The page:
Recently, I have been reflecting a lot on “counting.” It is such a basic, and yet ubiquitous, aspect of human experience.
From an early age, we learn to count concurrently with learning how to speak; we are taught how to count our fingers and toes, the pages in a book, or the days until a special event. Perhaps it is for this reason that those of us (attempting) to raise young kids often attune to this ceaseless counting: from counting seconds to ensure my three-year-old brushes his teeth for long enough, to listening to my ten- year-old demonstrate his growing ability to count (endlessly!) in French, to counting to three when I want either of them to stop what they’re doing, I spend a lot of my time as a parent counting.
But it is not just a child’s activity. We are incessantly counting time (months, days, hours, minutes); we count people for events or the dinner table; we count money (or the lack thereof), we count votes, we count tasks, we count grievances and/or blessings, we count the years of our lives, we count the victims of senseless gun violence, and my biblical namesake counted the animals “two by two.”
The Jewish ritual of “counting the omer,” which is currently being observed by Jews around the world, sparked these ruminations. Omer is the 49 days between the second night of Passover (Pesach) and the upcoming holiday of Shavuot. The practice of counting the omer is just that: each day, after sundown, we say a prayer and we tally aloud the number of days of the omer. Like many Jewish holidays, counting the omer has its origins both in the Torah (Leviticus 23:15-16) and the cycles of agricultural life in antiquity: the Israelites would bring sheaves of barley to the Temple in Jerusalem to thank God for their harvest (the word “omer” means “sheaf”).
Over the centuries, the temporal link between Passover and Shavuot grew into a thematic one. While Passover commemorates the story of the Exodus and the initial liberation of the Israelites from slavery, Shavuot—which is when Jews celebrate receiving the Torah from God at Sinai—marks the full realization of becoming liberated, as it was only through the Torah that the Israelites became a self-governing people with their own laws and moral code. Thus, counting the days between Passover and Shavuot symbolizes the ongoing process of moving from enslavement to freedom and is frequently overlaid with spiritual or mystical reflections.
Naturally, multiple religious and spiritual traditions have rituals of counting. Many Buddhists, Catholics, Hindus, and Muslims use prayer beads (sometimes called malas, tasbih, or rosaries) to count the repetition of mantras or prayers during meditation or devotion. The Baha’i Faith considers the number 9 to be sacred, while the Maya developed complex and intricate calendars to count the passage of cosmic time.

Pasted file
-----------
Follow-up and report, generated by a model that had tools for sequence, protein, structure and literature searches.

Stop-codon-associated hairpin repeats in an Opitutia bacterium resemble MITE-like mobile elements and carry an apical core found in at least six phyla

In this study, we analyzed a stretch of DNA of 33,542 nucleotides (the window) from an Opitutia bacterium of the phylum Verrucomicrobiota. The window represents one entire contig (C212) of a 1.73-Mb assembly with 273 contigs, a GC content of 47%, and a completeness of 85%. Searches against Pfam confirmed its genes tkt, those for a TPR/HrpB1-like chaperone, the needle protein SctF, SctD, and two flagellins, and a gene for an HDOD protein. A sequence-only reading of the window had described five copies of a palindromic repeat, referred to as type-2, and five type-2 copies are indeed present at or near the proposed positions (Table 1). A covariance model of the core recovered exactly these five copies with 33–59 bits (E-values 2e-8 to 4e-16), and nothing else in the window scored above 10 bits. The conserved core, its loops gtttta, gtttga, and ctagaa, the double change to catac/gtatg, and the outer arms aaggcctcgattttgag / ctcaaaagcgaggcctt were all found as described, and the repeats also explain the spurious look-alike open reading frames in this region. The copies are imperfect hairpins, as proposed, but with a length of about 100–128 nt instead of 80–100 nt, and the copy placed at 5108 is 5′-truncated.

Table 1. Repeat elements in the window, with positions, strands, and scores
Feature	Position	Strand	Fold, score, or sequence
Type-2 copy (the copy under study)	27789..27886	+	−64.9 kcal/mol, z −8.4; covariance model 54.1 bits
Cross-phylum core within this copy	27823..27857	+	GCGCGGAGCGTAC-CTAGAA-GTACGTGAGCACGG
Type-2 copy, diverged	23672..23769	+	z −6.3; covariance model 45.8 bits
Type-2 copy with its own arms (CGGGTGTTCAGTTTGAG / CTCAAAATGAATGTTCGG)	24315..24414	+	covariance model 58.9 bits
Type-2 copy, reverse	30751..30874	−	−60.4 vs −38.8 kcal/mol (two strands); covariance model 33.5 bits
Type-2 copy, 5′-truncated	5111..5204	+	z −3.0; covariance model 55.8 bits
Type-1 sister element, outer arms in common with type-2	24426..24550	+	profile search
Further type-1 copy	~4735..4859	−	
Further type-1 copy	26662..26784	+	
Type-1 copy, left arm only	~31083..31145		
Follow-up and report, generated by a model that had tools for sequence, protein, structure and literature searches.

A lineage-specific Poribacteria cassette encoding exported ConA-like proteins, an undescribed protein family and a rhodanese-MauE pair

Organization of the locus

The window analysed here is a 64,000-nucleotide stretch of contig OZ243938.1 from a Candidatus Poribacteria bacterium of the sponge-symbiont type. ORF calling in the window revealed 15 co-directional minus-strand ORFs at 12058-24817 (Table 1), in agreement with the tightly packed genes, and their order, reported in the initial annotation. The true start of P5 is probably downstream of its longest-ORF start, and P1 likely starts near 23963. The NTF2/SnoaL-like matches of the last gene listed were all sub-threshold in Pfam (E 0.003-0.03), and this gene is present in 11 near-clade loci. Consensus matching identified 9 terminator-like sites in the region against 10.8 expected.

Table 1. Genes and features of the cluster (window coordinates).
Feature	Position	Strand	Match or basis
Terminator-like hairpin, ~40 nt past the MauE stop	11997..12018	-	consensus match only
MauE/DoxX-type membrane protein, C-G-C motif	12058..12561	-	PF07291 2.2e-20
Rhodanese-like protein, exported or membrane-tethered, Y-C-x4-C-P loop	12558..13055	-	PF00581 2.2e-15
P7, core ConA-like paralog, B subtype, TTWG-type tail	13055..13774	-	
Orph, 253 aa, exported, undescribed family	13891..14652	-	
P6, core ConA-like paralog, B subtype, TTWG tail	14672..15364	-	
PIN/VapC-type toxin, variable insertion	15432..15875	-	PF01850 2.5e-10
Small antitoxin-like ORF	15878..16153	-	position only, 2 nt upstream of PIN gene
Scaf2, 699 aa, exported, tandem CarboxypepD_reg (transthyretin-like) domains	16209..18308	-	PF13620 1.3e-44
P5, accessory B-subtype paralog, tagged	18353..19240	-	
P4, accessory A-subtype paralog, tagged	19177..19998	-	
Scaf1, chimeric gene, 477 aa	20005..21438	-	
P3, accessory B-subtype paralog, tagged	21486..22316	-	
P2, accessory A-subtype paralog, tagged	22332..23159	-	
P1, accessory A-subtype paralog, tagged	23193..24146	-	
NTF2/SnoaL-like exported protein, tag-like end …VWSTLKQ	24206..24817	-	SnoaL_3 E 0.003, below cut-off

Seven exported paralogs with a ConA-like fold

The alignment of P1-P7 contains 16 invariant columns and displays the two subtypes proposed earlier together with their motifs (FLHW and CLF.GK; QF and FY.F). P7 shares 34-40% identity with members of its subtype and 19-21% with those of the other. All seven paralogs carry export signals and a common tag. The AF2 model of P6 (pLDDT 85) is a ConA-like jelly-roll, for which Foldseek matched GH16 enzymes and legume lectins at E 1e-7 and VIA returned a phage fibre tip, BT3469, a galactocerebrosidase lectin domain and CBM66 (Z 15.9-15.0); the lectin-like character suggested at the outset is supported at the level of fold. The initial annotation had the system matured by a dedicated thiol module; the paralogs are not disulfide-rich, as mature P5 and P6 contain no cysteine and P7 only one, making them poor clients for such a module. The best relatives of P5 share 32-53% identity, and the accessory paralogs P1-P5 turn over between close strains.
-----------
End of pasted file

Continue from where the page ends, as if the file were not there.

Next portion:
As someone who has personally struggled with a few obsessive compulsions, it seems to me that all this counting is, to a significant degree, an attempt to control a universe that frequently feels arbitrary and capricious. We count to create order and rhythm; to bring a semblance of harmony and predictability to an existence that can be so chaotic and ephemeral. But such incessant counting can become its own form of mental enslavement. We feel bound to our schedules and the unread emails in our inbox, to tally our accomplishments or failures, and to the expectations of the stage of life that our age represents.
Counting the omer teaches us that counting can also be redemptive. To be counted is to be seen, to register, to matter. How do we count the aspects of our lives in a way that might make our lives count? For what ideals do we wish to stand up and be counted? To which aspects of our society do we wish to say, “count me in”? How do we live life so that, as Abraham Lincoln said: “In the end, it is not the years in your life that count. It is the life in your years.”
At Interfaith America, I frequently find myself counting programs or participants or hours of training. But in the very simplest terms, the fundamental idea behind our work is that we all count, regardless of our backgrounds or beliefs. We count grants or programs or impact in the hopes that we can count the significance and contribution of every life to the feast of the human potluck. For it is only when every life counts that we can consider ourselves to be fully liberated.
So, as the Jewish community proceeds with the counting of the omer, and as we all continue to count both the minutiae and the profundities of daily life, let us commit ourselves to the redemptive act of seeing, appreciating, and counting each other.